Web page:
UPDATED 2:03 A.M. EDT (July 4, U.S.A.) In the past few days, the AdViewGlobal (AVG) forum has closed, reopened, and closed again. The actions occurred in the wake of complaints from members who have been pleading with the company to provide understandable explanations and to stop blaming participants for AVG’s seeming inability to explain itself.
In a bizarre communication, AVG advised members that the initial forum closure had occurred because posts by some members were contributing to the confusion of other members. Nearly 50 posts were deleted, members said.
The forum later reopened briefly, with a disclaimer that suggested the company would ban members who misbehaved and contact their Internet Service Providers to report them. The act led to questions about whether AVG was trying to chill legitimate criticism and manage the operation by instilling fear within the rank-and-file, which never has been provided an audited financial statement by the firm and yet was told the company was healthy even as it was suspending payouts. The forum closed again a short time later, amid an announcement that Donna Rougeau, who defined herself as an AVG subcontractor and had emerged as the face of the company, had left the beleaguered surf firm.
Previously, AVG had threatened media outlets with copyright-infringement lawsuits if they published information that originated inside the confines of the AVG “private association.” By implication, the threat also extended to members who shared information outside association walls, putting members in the strange position of not being able to share news — good or bad — unless they were willing to risk getting sued.
Some members viewed the threats as a strong-arm tactic. AVG’s name recently appeared in a racketeering lawsuit filed against AdSurfDaily President Andy Bowdoin, although the company has not been named a defendant in the case.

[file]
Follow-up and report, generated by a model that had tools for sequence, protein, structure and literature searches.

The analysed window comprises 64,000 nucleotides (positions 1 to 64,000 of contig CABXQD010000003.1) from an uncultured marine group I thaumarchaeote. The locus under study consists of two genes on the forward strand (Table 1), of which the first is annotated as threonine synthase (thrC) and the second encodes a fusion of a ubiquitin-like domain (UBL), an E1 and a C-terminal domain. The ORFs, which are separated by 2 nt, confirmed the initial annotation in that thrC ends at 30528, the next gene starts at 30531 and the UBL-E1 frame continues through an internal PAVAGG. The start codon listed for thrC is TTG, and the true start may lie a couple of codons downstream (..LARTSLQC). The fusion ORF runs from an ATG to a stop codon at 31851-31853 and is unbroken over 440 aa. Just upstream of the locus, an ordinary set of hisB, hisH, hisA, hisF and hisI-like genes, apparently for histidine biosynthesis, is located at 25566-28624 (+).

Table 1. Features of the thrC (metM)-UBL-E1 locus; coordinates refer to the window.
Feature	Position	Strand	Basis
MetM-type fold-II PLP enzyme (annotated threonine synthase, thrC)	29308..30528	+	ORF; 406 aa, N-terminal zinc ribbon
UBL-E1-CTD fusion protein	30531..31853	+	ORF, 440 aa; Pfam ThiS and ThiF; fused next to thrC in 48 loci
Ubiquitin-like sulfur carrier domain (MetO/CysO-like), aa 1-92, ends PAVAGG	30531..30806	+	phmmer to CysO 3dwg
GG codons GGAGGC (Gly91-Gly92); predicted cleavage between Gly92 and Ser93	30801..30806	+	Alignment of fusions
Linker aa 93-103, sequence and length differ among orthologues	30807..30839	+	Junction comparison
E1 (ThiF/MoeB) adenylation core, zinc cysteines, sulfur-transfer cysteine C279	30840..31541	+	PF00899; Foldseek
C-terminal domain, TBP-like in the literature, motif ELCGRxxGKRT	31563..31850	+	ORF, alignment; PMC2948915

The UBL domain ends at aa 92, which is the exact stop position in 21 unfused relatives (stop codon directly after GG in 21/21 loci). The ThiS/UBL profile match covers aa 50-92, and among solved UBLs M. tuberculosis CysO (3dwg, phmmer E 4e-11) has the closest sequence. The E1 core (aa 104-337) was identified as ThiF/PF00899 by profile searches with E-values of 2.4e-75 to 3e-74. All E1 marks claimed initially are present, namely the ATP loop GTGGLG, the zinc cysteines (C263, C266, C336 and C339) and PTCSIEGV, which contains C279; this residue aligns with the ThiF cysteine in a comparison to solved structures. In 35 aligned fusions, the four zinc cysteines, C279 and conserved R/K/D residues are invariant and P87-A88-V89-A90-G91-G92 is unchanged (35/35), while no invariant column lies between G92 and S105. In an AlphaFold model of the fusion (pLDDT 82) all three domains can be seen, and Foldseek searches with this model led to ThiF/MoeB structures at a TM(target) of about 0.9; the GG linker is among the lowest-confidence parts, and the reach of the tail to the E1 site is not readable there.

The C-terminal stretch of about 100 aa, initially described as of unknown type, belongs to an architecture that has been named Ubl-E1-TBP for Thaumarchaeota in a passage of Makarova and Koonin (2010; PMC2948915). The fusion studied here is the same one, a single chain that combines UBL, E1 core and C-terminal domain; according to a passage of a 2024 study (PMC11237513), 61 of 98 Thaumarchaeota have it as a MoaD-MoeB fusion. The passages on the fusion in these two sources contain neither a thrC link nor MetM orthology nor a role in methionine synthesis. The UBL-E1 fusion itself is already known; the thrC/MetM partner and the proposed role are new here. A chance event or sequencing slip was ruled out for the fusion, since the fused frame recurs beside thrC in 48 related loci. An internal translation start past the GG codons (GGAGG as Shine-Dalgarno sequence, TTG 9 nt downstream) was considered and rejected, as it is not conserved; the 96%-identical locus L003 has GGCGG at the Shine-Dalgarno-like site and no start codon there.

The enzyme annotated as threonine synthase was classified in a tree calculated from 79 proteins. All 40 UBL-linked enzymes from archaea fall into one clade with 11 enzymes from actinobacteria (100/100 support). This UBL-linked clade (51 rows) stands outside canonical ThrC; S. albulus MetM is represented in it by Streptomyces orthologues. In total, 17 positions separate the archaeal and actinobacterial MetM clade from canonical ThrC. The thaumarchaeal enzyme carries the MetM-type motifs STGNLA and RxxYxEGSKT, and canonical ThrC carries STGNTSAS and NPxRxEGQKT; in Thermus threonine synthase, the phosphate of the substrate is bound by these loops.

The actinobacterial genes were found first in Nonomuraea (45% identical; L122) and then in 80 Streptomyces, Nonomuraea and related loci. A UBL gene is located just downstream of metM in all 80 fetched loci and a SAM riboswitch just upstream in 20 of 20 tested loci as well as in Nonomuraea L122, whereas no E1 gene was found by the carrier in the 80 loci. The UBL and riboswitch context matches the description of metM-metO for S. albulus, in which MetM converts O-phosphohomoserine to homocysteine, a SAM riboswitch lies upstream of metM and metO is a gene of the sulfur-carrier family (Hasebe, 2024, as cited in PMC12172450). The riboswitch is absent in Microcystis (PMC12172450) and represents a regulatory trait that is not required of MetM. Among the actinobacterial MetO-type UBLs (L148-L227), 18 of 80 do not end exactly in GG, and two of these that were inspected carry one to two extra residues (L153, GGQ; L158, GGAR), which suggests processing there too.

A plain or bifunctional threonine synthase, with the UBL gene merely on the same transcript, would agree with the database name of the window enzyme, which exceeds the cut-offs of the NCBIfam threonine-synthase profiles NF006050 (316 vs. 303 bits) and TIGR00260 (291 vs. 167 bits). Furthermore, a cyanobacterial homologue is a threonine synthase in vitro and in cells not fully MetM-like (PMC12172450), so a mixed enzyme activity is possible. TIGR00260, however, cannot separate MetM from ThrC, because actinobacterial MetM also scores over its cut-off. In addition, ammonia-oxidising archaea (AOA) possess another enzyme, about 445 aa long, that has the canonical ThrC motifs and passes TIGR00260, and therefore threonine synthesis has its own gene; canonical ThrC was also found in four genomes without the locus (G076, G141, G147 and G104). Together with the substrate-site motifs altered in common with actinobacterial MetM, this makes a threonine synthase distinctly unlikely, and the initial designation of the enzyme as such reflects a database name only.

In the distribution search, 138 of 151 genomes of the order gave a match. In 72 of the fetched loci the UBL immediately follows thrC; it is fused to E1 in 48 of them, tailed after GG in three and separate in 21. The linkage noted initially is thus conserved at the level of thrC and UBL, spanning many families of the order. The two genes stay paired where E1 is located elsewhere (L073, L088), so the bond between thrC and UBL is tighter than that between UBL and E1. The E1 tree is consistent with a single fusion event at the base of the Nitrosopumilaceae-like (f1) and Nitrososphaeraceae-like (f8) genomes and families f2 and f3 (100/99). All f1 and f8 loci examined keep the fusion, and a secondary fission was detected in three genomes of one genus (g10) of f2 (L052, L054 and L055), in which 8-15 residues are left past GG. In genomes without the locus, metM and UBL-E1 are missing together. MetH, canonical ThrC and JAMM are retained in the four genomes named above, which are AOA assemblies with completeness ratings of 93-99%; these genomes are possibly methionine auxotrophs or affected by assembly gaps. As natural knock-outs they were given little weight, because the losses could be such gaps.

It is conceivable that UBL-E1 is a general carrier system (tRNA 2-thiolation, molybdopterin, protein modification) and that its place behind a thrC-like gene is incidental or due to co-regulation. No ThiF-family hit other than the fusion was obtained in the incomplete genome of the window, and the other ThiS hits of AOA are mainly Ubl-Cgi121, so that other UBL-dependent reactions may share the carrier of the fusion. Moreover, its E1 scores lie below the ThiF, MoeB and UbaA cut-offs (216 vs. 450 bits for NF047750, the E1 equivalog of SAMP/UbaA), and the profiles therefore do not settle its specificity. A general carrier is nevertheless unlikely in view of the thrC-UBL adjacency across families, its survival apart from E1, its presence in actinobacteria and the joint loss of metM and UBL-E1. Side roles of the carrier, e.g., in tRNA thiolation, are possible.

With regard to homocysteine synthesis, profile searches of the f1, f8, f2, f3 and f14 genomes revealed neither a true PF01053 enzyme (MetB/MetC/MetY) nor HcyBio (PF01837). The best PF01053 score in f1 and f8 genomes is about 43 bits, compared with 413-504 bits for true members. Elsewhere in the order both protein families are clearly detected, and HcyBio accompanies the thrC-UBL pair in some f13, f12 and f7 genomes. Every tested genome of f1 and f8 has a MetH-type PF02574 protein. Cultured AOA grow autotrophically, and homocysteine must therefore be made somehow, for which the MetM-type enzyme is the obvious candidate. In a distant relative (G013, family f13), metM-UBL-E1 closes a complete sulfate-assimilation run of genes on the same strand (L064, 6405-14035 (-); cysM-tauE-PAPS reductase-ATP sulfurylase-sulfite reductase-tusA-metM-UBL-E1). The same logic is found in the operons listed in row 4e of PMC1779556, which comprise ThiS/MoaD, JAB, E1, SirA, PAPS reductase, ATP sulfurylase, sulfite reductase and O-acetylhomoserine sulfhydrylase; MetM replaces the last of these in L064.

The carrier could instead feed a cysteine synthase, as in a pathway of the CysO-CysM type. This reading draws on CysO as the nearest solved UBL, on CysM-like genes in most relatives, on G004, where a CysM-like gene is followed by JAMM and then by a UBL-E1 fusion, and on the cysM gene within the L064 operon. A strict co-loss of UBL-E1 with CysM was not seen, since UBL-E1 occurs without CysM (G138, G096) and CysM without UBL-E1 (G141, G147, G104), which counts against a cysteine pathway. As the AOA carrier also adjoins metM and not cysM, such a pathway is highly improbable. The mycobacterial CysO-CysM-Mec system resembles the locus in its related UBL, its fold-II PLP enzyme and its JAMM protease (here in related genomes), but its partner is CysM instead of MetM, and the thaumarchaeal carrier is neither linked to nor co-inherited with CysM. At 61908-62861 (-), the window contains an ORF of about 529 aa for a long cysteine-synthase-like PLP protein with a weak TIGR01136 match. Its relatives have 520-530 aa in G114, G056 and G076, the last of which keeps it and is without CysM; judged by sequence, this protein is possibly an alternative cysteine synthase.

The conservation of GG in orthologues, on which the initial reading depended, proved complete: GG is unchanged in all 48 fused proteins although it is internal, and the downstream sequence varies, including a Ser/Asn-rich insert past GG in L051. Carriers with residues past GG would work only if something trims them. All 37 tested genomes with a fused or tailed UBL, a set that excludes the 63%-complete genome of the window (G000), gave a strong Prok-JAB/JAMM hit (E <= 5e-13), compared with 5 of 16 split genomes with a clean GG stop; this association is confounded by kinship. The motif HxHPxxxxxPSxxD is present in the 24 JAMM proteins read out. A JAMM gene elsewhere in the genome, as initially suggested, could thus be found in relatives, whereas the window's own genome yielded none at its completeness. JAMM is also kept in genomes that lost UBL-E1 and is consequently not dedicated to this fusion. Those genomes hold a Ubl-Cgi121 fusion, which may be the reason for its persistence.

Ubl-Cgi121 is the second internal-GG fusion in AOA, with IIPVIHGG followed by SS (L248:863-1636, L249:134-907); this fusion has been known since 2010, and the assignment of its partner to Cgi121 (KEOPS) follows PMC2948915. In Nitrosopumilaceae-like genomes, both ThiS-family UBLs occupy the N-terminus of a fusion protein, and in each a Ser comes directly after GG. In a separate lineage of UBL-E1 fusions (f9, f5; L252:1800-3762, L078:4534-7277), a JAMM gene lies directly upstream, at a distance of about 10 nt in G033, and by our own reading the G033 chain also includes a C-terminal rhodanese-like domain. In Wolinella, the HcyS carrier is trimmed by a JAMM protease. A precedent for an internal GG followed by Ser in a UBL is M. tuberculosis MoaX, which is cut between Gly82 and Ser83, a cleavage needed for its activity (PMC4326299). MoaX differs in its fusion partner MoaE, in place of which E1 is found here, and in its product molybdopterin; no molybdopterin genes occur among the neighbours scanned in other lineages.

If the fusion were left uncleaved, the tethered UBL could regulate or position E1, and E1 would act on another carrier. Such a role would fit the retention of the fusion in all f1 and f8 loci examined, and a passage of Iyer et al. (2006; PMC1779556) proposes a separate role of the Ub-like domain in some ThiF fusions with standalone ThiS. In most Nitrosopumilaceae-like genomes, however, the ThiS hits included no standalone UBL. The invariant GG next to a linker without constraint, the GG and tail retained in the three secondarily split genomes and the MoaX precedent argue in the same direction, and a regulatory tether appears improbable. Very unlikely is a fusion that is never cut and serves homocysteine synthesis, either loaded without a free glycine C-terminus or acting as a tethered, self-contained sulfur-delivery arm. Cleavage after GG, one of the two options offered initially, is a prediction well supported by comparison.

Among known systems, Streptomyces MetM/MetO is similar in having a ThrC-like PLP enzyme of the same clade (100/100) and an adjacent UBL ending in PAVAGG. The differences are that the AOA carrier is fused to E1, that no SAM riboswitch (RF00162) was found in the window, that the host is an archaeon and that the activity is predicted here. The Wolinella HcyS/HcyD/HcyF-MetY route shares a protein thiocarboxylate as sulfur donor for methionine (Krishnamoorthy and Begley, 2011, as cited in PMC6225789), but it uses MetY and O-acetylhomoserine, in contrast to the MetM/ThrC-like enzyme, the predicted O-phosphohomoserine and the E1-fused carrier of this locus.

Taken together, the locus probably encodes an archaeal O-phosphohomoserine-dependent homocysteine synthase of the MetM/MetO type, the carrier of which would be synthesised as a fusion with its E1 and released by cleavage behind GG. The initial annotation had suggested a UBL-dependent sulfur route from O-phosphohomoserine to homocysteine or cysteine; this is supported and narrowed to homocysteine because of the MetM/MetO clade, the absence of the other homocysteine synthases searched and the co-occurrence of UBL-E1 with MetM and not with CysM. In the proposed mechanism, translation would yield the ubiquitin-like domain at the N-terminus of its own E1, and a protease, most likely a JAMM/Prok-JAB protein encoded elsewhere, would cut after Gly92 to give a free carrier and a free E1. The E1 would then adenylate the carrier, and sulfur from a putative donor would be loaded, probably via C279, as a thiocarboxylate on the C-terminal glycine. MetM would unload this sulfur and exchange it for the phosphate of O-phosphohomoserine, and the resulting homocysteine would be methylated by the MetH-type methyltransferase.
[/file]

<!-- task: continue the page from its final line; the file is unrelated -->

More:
AVG, which earlier had announced a new payout plan and then withdrew it when members said it left more questions unanswered than answered, advised members that it would re-release the plan in bite-sized chunks over an unspecified time period.
Members immediately complained that the company had implied they were too stupid to understand a plan that was published all at one time, suggesting that the company’s real problem was that it had sent one mixed message after another.
Mixing Politics And Business
AVG purports to be a professional advertising and communications firm that, although based in Uruguay, derives its authority from the U.S. Constitution and the Florida Constitution. The AVG “Articles of Association” reads like a political document, not a business document.Â AVG, for instance, appoints an association “Protector.”
Among other things, AVG declares, “We proclaim the freedom to choose and perform for ourselves the types of advertising and marketing enterprises.” (Sic.)
One interpretation of the document is that AVG has declared its own American subcountry and will pick and choose the laws it intends to follow.
Such incongruities are part and parcel to AVG’s corner of the autosurfing universe. The firm has close ties to AdSurfDaily, whose own universe is dominated by equally inexplicable behavior.
At least one member of ASD declared himself a “sovereign” in court documents not related to the ASD case, purporting that he enjoyed diplomatic immunity and answered only to Jesus Christ.
The ASD member, Curtis Richmond, has a history that includes being charged and convicted of contempt of court for threatening federal judges. Richmond also has been ordered to pay damages to victims in a RICO case in which several individuals declared themselves members of a sovereign “Indian” tribe and filed claims for astronomical damages against public officials in the performance of their duties.